Even so, when Toronto's turn to pick came with the 17th overall selection, it was Cooper -- a first baseman out of the University of California-Berkeley -- who stood atop the club's wish list. It was a surprise choice that was a return to an organizational trend of sticking with an advanced collegiate player.
"That's why you never believe the projections," Blue Jays scouting director Jon Lalonde said. "We try to prepare as thoroughly as we can and have a number of scenarios available to us.
"In terms of why we went for a bat, quite honestly, we went with the best player on our board. When our turn came around, David Cooper, we felt, was the best player on our board. We were happy to get him."
As the first half of the Draft unfolded, it looked for a moment as if the Jays might have a shot at selecting Canadian catcher Brett Lawrie -- a native of British Columbia. Lawrie was aiming to become the highest-drafted Canadian position player since those north of the border first became eligible for selection in 1985.
Lawrie -- projected in many mock drafts to possibly fall into Toronto's lap -- was taken by the Milwaukee Brewers, who scooped him up at pick No. 16. That pick might have been influenced by Milwaukee assistant general manager Gord Ash, a Toronto native and a former GM for the Jays.
Of course, it's not a given that the Blue Jays would've leaned Lawrie's way had he been available.
While Lawrie boasts strong power potential for a prep star, Cooper is considered more advanced as a hitter. Cooper is also more akin to the type of players who have typically been selected since J.P. Ricciardi assumed the GM duties for Toronto in 2002.
"He's someone we've liked a lot for a long time," Lalonde said. "And we think he brings something that the system can use in an advanced bat."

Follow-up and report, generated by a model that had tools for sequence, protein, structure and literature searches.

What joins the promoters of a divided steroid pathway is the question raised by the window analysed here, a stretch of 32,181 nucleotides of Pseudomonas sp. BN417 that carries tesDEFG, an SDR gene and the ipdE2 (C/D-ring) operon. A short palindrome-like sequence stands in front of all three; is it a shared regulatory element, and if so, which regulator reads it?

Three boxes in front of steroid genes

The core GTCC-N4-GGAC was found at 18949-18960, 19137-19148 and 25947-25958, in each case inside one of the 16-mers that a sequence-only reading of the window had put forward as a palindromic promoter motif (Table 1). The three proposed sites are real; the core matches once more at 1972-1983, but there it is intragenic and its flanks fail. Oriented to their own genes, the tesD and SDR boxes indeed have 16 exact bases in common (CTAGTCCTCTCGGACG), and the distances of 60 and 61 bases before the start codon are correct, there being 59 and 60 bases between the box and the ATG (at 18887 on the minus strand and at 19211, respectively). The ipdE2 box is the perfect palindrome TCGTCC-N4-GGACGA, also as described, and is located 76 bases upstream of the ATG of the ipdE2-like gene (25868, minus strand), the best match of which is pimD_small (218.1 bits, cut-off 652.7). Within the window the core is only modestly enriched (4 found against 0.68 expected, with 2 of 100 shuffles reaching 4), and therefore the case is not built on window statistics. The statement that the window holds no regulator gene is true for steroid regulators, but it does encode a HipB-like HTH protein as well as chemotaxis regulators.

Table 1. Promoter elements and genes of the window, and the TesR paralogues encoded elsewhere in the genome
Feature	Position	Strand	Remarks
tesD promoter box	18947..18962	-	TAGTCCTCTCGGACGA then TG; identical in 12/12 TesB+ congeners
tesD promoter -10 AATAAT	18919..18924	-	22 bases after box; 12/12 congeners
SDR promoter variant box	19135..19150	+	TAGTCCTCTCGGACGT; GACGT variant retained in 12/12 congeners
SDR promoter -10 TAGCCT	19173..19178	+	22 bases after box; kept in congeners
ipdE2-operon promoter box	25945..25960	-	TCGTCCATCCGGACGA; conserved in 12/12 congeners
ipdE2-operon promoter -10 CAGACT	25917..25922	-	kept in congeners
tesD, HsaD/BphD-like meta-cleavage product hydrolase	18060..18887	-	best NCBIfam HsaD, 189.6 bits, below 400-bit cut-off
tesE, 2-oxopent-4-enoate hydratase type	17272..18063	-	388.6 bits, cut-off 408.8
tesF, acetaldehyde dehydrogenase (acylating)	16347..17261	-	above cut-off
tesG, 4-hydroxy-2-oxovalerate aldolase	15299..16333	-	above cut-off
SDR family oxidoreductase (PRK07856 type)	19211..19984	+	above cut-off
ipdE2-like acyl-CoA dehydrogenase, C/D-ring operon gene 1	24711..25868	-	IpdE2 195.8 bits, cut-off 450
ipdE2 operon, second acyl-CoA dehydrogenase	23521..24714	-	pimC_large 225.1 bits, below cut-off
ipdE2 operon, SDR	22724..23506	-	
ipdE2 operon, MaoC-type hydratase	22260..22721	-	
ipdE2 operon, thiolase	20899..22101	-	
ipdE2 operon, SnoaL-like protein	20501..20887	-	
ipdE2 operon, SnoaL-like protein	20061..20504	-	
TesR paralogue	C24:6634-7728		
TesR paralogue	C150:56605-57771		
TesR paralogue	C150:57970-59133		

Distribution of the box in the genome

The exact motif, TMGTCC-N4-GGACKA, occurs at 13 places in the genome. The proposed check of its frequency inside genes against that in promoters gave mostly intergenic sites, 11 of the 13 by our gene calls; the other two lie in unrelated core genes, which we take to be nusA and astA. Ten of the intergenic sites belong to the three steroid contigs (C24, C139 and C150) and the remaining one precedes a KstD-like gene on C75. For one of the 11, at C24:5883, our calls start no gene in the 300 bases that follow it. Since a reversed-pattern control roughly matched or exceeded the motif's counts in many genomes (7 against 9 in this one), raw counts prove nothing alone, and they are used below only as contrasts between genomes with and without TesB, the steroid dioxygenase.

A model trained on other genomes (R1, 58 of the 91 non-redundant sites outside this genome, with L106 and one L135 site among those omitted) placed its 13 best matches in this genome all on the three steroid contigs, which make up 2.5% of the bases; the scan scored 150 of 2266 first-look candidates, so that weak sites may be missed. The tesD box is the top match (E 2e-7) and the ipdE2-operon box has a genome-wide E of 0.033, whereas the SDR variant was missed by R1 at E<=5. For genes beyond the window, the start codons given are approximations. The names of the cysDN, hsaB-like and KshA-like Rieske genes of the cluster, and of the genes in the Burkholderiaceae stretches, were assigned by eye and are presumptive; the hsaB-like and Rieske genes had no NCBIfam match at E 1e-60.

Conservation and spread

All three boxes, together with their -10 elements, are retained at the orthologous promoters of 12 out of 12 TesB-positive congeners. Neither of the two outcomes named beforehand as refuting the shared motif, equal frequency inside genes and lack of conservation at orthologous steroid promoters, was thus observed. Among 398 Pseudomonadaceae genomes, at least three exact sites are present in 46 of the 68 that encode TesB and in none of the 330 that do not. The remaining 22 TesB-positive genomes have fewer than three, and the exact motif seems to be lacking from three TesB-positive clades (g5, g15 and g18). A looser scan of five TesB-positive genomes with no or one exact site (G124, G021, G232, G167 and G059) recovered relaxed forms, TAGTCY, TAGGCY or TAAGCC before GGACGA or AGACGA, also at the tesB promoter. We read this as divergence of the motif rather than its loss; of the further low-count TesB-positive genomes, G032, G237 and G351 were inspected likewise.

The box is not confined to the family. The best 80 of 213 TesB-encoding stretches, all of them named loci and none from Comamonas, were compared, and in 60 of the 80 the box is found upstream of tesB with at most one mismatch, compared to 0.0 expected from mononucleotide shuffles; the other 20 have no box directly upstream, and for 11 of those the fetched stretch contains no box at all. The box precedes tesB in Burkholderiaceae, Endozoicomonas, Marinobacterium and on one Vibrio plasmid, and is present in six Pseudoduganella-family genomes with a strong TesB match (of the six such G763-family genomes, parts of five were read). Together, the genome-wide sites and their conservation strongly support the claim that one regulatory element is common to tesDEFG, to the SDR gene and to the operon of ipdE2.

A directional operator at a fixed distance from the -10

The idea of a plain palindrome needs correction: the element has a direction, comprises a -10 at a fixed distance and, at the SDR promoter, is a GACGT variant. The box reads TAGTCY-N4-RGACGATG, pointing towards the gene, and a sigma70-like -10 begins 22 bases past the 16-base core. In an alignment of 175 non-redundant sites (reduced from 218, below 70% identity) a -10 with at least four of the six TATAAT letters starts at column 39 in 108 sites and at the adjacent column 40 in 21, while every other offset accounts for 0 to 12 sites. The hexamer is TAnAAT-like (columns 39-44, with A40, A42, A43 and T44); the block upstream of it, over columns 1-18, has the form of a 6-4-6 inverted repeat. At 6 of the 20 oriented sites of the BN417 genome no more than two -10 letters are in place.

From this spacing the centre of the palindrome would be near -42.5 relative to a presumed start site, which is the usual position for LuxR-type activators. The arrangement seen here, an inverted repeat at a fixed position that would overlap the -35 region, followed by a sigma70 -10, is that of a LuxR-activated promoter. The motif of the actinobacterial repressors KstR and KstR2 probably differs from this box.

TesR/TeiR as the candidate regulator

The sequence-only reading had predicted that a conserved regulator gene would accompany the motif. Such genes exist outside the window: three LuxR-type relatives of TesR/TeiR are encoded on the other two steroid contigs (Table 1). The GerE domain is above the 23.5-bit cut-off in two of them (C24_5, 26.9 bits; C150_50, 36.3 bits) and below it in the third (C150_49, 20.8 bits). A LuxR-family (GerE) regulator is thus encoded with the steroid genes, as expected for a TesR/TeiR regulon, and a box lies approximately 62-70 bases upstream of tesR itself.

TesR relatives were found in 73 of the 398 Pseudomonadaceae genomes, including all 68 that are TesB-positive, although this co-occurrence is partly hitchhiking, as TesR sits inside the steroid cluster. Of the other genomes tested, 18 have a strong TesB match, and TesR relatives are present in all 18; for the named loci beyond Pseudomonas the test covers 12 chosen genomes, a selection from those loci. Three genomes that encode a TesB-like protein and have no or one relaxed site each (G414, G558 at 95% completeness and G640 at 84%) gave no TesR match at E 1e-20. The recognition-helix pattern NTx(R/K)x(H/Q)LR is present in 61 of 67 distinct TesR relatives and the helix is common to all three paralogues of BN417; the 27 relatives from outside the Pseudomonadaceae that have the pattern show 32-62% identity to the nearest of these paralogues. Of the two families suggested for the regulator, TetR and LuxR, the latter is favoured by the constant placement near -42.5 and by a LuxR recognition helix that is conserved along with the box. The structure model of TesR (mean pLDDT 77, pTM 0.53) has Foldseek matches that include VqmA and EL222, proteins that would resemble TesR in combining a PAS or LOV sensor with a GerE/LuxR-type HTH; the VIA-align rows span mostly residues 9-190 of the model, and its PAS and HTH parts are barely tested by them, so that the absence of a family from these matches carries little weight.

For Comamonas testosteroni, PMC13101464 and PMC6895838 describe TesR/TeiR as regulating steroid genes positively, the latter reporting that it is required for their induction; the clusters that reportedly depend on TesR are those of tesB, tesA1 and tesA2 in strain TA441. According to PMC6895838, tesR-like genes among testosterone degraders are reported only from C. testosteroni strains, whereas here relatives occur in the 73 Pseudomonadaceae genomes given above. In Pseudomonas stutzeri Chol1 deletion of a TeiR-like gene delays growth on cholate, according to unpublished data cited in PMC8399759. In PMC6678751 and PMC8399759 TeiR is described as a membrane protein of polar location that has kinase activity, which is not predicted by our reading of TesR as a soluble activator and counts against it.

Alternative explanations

With only one pick in the first round, the Blue Jays preferred to take less of a risk, and Cooper also fits that category. It's a drastic switch from last June, when Toronto owned seven selections within the first two rounds and was able to use those picks on varying types of players.
"Having a lot of picks is obviously a huge advantage," Lalonde said. "You get more chances to try and hit a home run, but ... whether we have one pick or seven, whatever the case might be, we still want to try to make sure to get the most you can out of that pick."
If the 21-year-old Cooper signs with the Jays, and Lalonde noted that "every indication that we have is that he's decided to become a professional player," he'll likely be headed to Class A Auburn as his first assignment. If he lives up to his billing, Cooper may not be there long.
Blue Jays' top five selections
|17.||1B||David Cooper||UC Berkeley|
|63.||CF||Kenneth Wilson||Sickles HS (Fla.)|
|95.||RHP||Andrew Liebel||Cal St Long Beach|
|129.||3B||Robert Sobolewski||U of Miami|
|159.||SS||Tyler Pastornicky||The Pendleton School (Fla.)|
|Complete Blue Jays Draft results >|
In 56 games with California this season, the left-handed-hitting Cooper hit .359 with 19 home runs and 55 RBIs. The 6-foot-1, 210-pound infielder -- one of the top first basemen in the Draft -- added 14 doubles and 55 runs to go along with a .449 on-base percentage and a .682 slugging percentage.
Cooper's work helped him become a semifinalist for the Dick Howser Trophy, USA Baseball's Golden Spikes Award and the Wallace Award. He was also a member of the 2006 College World Series All-Tournament team with Cal-State Fullerton before transferring to UC Berkeley.